TIRRELL: So, these orders are for the fall of 2022 and can be essentially whatever vaccine construct is deemed most appropriate at that time but essentially talking about boosting almost like we do seasonally with, with flu shots it sounds like. Meanwhile, the World Health Organization has set a goal of vaccinating 70% of the world by July and that's unfortunately a pushback goal from when they had set, you know, to do it last year. Do you think it's realistic that we can reach that goal by this summer? And is there more that Moderna could do to contribute to that?
BANCEL: So I think there's two sides of getting the world vaccinated quickly. One is the supply of vaccine and the other one is the ability to get the doses in arms in those countries. If you look at the supply of vaccine, it is true that for around you know to two-third to three-quarter of 2021 to around September, October, the world was supply constrained with vaccine. There is no doubt but the world has totally switched to what the end of the year. You know, I share that in November we had any given day of the week between 50 and 100 million doses waiting to be shipped to low-income countries and there's been a lot of issues on the distribution and deployment of those vaccines. And I've heard from my colleagues, you know, our vaccine company the same thing. We even shared this morning that we've heard last week from the African Union that the 60 million doses that we had reserved for them for Q2 this year, they decided to decline them. And the reason for that is between the COVAX orders, the donations from Europe, the donations from China, the donations from the US government. They have way more vaccine that they need to get to the 70% vaccination rates in those countries and so they informed us that they did not want the 60 million doses of Moderna vaccine for Q2.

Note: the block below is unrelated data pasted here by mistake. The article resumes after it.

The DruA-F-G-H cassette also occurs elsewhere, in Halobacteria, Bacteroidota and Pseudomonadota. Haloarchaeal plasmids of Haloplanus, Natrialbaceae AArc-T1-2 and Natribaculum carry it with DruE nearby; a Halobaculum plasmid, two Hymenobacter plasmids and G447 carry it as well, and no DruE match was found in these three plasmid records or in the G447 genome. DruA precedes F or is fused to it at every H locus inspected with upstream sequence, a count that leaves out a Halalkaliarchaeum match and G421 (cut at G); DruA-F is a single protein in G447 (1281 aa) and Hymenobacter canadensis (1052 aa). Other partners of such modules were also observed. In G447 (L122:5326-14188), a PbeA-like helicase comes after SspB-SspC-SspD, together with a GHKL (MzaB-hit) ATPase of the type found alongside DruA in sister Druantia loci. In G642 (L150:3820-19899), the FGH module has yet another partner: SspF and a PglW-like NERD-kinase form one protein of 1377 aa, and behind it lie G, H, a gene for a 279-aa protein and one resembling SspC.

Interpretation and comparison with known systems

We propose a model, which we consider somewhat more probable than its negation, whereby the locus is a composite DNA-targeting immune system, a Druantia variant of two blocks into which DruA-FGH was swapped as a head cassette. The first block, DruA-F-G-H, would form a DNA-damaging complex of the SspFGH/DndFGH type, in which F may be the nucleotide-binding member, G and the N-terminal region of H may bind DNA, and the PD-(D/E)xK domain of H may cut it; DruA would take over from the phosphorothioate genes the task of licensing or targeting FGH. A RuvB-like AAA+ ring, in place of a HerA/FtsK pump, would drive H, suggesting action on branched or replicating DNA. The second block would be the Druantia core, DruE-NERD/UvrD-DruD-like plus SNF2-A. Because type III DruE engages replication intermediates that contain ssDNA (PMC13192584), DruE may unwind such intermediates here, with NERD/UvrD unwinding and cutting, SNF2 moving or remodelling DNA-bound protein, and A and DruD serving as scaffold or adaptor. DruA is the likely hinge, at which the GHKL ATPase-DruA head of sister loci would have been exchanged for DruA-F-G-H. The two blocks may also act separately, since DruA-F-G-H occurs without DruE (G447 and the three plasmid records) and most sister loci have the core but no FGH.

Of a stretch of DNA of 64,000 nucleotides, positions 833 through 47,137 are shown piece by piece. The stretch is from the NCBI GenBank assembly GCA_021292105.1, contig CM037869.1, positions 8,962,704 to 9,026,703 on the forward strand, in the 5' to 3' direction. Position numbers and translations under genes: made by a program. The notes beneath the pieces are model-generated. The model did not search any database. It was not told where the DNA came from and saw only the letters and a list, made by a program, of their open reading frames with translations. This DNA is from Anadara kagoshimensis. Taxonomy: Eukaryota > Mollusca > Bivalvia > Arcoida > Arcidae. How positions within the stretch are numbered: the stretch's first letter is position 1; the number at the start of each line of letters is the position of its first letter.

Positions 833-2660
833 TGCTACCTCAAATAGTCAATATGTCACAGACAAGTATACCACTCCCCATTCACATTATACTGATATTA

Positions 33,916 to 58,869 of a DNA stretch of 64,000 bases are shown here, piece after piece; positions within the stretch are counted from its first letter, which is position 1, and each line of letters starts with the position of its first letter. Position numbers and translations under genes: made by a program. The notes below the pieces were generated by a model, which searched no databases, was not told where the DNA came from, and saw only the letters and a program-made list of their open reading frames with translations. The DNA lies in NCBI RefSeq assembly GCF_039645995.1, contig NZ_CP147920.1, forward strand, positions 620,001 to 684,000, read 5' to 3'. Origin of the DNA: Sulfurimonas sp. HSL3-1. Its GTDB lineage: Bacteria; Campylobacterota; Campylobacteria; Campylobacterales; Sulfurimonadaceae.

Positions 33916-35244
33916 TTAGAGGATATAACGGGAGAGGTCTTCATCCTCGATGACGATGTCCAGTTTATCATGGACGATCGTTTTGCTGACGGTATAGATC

BECKY QUICK: Hey Stéphane, just a quick question on following up on that. You mentioned that you have contracts that are ready to go with South Korea, the United Kingdom and Switzerland I believe for vaccines to be ready for the fall of this year. Where do things stand with the United States? Are you in negotiations with them and what's the situation just in terms of how much you can supply come this fall? Will, will there be shortages or will every country that wants them be able to get them at that point?
BANCEL: That's a great question, Becky, so let me just start with supply first. We're in a very different situation that we were last year. In the last year, we were ramping up the supply chain, building the manufacturing capabilities, and if you look at the output that we had in Q4 with 300 million doses that was our highest quarter ever. You know, as a reminder, in Q1 we supplied 100 million doses. And we have a lot of new capacity coming online in Q1 of this year. And so, we think we can supply 2 to 3 billion doses of boosters this year. And if you look at the numbers I mentioned the 18.5 billion of already signed orders for 2022 and $3.5 billion of options, they are mostly front loaded in the first half of the year. They is still a lot of capacity available for the fall. And as I say there was a lot of discussions ongoing, including with the US government.
TIRRELL: And Stéphane, where do things stand with a vaccine for kids from Moderna, you know, with Pfizer's getting delayed to some extent by a few months, there is a gap in coverage in the US for kids under five. Moderna, of course, is still waiting for clearance for under 18. And you, you need data for, you know, kids in that middle age group but I wonder because there is that gap in coverage, where do your data stand in terms of the timing of getting that and could Moderna potentially help fill that gap if your results are different from Pfizer's and you get them earlier?